Posted by: Kate | November 1, 2008

Battle Scars

I’m wearing three Band-Aids on my hands right now, and I would have been justified in grabbing at least one more over the course of the evening, had I not decided that four was just excessive.

It’s not because I’ve suddenly lost all fine-motor control, or experienced an earthquake, or simply become so tired I could no longer function in a world full of sharp and dangerous objects. I wasn’t a victim of a violent crime or the recipient of road rash.

In fact, it all started as a positive effort. When Willem was exhausted and vociferous last week, after the process of cubing the pork to make sausage more closely resembled a smash-and-grab job than anything done with a sharp object, we decided that we needed new kitchen knives.

Our set was the result of a Christmas gift fiasco involving – who else? – my mother-in-law. In the winter of 2002, she presented us with a full-length heating/vibrating (wait for it) back massager (What else were you thinking? Perverts.). It was a strange gift for a number of reasons: we were 25 and 27, respectively, neither of us (yet) had back pain, we didn’t own a full-length recliner that we could use the thing in, and there’s just something creepy about your mother-in-law buying you anything that vibrates.

We wouldn’t have said a thing to her about it, other than “thank you,” but she has always made a big point of including the receipts along with gifts and falling all over herself to assure us that if we didn’t like it, we could return it, that was fine with her, no really, blahbitty blah blah blah. The store was a national chain but there were none near our house, so any returns or exchanges had to happen while we were still traveling the family circuit for the holidays.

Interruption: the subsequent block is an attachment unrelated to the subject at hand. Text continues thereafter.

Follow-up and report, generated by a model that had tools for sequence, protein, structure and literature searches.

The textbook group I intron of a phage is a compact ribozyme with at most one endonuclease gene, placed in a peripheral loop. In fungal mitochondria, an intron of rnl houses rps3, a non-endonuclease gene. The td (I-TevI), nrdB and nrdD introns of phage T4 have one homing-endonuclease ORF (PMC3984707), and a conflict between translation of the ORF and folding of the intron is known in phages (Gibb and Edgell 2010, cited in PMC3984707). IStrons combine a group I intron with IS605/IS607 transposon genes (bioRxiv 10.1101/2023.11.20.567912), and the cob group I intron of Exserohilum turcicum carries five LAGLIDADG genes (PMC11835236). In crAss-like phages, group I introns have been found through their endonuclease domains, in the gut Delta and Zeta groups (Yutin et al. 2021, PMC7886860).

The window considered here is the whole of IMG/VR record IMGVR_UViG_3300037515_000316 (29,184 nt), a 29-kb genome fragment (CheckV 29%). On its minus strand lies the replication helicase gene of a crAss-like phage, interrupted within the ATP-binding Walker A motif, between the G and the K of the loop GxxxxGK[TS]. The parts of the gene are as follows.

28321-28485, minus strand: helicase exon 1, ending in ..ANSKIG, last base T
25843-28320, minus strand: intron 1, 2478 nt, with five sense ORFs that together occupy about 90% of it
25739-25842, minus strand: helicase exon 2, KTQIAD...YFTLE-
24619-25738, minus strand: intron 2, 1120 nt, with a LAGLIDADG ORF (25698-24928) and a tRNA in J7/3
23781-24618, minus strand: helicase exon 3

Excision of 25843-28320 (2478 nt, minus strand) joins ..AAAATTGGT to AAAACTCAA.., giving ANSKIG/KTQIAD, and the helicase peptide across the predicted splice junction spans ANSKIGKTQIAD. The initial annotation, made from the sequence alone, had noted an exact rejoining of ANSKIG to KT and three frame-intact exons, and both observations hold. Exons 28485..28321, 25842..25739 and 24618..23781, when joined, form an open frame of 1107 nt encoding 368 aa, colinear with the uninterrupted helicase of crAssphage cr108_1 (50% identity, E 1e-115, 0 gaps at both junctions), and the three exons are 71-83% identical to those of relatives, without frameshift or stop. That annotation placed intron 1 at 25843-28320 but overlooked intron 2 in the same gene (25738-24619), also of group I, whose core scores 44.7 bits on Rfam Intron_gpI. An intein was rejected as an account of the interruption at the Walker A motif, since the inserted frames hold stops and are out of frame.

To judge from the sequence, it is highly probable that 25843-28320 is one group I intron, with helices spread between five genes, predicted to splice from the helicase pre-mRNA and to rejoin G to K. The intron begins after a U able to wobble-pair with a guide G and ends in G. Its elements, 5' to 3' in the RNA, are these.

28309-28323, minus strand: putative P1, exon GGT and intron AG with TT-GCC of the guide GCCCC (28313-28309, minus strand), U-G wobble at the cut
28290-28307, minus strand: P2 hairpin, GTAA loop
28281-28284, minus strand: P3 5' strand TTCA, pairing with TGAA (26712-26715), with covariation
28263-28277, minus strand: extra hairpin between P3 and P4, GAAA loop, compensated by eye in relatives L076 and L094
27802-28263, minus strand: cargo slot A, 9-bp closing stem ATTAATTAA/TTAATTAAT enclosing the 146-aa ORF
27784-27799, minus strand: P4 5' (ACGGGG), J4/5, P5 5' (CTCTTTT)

Thus it was that we did a Terrible Thing: we took her at her word. We believed that if she said it was OK to exchange a gift, then that meant it was OK to exchange a gift. Inanely, I imagined that her philosophy toward gift-giving might be similar to mine: that what I want most is for the person to enjoy and use their gift, and so if I chose badly I would rather they re-choose than to have a wasted or unused box o’ stuff tucked away somewhere. My mother-in-law pretends to feel this way, but we have discovered, over time, that what she actually wants is for the giftee to immediately adjust all personal preferences, inclinations and needs to fit the gift, regardless of the occasion or appropriateness of said gift.

Just one more instance of communication gone awry between the two of us.

Anyway – Man, she just derails the topic every time, doesn’t she? It’s chronic. – we returned the back massager and, after much debating, bought ourselves a very nice knife set and a block to keep it in. “Very nice” being a relative term, of course, because six years later they’ve all gone dull and all had fine serrations, making sharpening nigh-on impossible. But at the time, it felt like a huge leap toward having a real, grown-up kitchen, and we were quite pleased with ourselves.

We returned to mother-in-law’s condo, having enjoyed an afternoon of shopping because this was back in the day when we still trusted her alone with Emily, and feeling a little flushed and proud of our retail successes. And we were met with a mellow-harshing glare of bitterness and resentment, a flat, “Oh. I guess my gift wasn’t good enough,” and a refusal to continue with the topic.